Future, thanks for posting. There are many more people who had similar treatment. At least he wasn't sent to a mental institution for several years as one female operative was. Snowden obviously was aware of how he would be dealt with, thus the reason he did it his way.
"... supposed to be protected" I am interested to see just how many whistleblowers have actually succeeded in producing a positive response from our government. Has anyone every been believed, protected, and then had their efforts acted on in a positive manner? Has anyone ever been rewarded for their efforts?
Oh no! I hope people like Peter Boghossian teaches enough of us to bring the tools of professional philosophers to people in a way that millions of us are out there stopping the spread of religious virus. Maybe our nation and the Earth will come back into balance.
"...If he discovered that his superiors were breaking the law, all he had to do is expose them.'"
That is what he did. His "superiors" just happened to be the U. S. Government - NSA.
Freethinker31, how would you have done it?
Yes, I love my country and, no, I don't think I would want to live in another one. I live in Military City USA and I can't imagine our city being attacked by terorists. Yes, I do expect my government to protect my freedoms, and one of my freedoms guaranteed by law is that my government will not spy on me.
I treasure all the freedom and rights I have as a citizen. I do not want my government to pick and choose which ones they can abuse in the name of protecting others. I will not blindly assume The Government is protecting me from the big bad terrorists so they can do whatever they want to accomplish it.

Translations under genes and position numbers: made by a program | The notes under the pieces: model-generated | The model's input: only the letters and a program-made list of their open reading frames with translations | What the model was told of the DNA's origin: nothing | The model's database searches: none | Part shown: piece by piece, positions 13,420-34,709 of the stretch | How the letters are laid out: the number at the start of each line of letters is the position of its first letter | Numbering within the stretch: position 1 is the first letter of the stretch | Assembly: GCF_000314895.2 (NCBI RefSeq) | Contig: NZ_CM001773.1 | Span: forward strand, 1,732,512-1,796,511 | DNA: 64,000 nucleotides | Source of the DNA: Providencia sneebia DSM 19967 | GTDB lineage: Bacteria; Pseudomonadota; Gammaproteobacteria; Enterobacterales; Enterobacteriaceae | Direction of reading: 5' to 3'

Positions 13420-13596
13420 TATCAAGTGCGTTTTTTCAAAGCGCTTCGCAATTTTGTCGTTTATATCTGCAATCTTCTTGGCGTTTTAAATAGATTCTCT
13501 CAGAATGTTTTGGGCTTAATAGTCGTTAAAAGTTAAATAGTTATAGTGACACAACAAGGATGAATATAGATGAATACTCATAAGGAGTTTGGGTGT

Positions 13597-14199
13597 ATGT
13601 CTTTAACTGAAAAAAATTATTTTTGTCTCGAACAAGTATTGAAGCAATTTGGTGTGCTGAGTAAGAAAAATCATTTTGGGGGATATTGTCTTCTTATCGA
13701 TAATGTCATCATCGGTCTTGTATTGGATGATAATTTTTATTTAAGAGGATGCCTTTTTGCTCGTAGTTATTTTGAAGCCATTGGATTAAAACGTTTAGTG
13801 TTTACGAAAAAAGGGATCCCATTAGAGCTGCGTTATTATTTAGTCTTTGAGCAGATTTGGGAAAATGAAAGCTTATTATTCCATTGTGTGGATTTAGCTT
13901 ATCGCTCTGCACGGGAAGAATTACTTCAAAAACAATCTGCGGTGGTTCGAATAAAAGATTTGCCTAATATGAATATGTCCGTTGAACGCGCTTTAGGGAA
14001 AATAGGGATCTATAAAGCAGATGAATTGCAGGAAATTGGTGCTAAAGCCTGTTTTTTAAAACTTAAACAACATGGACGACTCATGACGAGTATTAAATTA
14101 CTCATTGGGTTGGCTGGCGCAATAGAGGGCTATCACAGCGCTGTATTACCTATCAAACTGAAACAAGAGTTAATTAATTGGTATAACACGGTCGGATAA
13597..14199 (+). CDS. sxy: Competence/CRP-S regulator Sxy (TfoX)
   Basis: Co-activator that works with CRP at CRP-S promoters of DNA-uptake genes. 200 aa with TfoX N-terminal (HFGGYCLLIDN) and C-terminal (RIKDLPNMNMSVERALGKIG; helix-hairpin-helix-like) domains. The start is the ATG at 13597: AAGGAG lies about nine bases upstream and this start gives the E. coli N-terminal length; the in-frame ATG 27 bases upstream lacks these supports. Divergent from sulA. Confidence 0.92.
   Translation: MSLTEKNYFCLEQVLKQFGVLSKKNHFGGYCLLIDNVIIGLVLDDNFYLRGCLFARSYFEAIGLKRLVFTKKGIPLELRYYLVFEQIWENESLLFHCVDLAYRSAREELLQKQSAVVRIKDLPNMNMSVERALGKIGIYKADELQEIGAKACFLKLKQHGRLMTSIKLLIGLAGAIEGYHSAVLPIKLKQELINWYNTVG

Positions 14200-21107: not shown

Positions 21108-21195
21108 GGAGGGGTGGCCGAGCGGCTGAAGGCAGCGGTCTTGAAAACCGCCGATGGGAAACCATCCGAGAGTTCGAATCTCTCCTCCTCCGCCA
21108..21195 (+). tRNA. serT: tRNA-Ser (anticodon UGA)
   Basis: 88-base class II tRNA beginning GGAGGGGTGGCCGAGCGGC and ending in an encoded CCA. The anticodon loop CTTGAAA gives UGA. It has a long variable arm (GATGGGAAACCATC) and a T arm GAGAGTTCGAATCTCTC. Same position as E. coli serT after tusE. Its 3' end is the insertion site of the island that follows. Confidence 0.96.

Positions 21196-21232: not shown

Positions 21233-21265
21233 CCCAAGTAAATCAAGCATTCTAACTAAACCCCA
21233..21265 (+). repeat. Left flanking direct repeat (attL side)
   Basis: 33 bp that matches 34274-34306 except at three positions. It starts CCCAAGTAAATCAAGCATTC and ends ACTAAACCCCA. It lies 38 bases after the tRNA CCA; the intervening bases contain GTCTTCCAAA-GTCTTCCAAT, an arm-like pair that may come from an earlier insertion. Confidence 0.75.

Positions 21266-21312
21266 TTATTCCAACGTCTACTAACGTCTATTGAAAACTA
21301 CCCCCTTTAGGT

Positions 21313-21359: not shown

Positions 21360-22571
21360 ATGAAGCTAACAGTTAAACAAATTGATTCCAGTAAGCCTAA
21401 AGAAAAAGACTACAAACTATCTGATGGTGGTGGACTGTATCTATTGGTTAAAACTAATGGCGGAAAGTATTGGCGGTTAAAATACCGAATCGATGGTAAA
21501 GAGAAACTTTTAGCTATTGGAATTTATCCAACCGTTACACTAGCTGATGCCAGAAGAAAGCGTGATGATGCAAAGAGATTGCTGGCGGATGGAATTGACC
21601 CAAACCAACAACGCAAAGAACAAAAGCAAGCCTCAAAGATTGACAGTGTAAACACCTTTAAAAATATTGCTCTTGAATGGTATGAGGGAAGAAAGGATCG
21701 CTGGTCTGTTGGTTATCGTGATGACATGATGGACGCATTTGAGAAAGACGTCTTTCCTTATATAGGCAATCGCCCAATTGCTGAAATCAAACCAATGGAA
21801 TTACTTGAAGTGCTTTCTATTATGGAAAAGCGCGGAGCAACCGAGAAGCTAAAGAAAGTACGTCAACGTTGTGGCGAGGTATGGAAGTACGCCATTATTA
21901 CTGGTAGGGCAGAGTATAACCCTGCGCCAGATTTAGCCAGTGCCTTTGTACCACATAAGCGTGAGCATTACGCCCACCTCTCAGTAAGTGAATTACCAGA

The reality is ‘The Government’ and our country is made up of human beings and they are not all honest and trustworthy. Many are driven by greed, a desire to control, and have power in whatever form they can get it. They are willing to go to whatever lengths they need to protect themselves from exposure.
Whistleblowers definitely expose those actions. Whistleblowers have been around for years and have been making public in various ways those acts which constitute corruption, waste, and deceit. If you review the following list, http://en.wikipedia.org/wiki/List_of_whistleblowers you will note that being a whistleblower is not for the faint of heart and it certainly helps to have a lawyer and financial backing because before the ‘The Government’ accepts your information you will be thoroughly investigated, interrogated, and possibly prosecuted. Especially if you are exposing The Government. (Yes, I know some people doubt the accuracy of Wikipedia, but, for sake of argument let's assume some of the information is correct.)
Ask yourself: “Would I be willing to give up everything I have and treasure to be persecuted for something I know is the right thing to do? If I was willing to do it, would I seek a way of doing it that would benefit my fellow countryman and protect my life? Do I have the emotional/mental stamina and financial resources to hire an attorney to fight The Government for me until my information is considered truthful and accurate? Would I trust ‘The Government’ to believe me, protect me, protect my job, not persecute me, not put me in jail, not take my home, destroy my family, and – would ‘The Government’ thank me and reward me for doing good for The Country?”
Given the list of legislation already in place http://www.whistleblowers.org/index.php?option=com_content&task... I wouldn’t have thought we would need an organization dedicated to helping to protect whistleblowers. However, there is one and former whistleblowers are part of it: http://www.whistleblowers.org/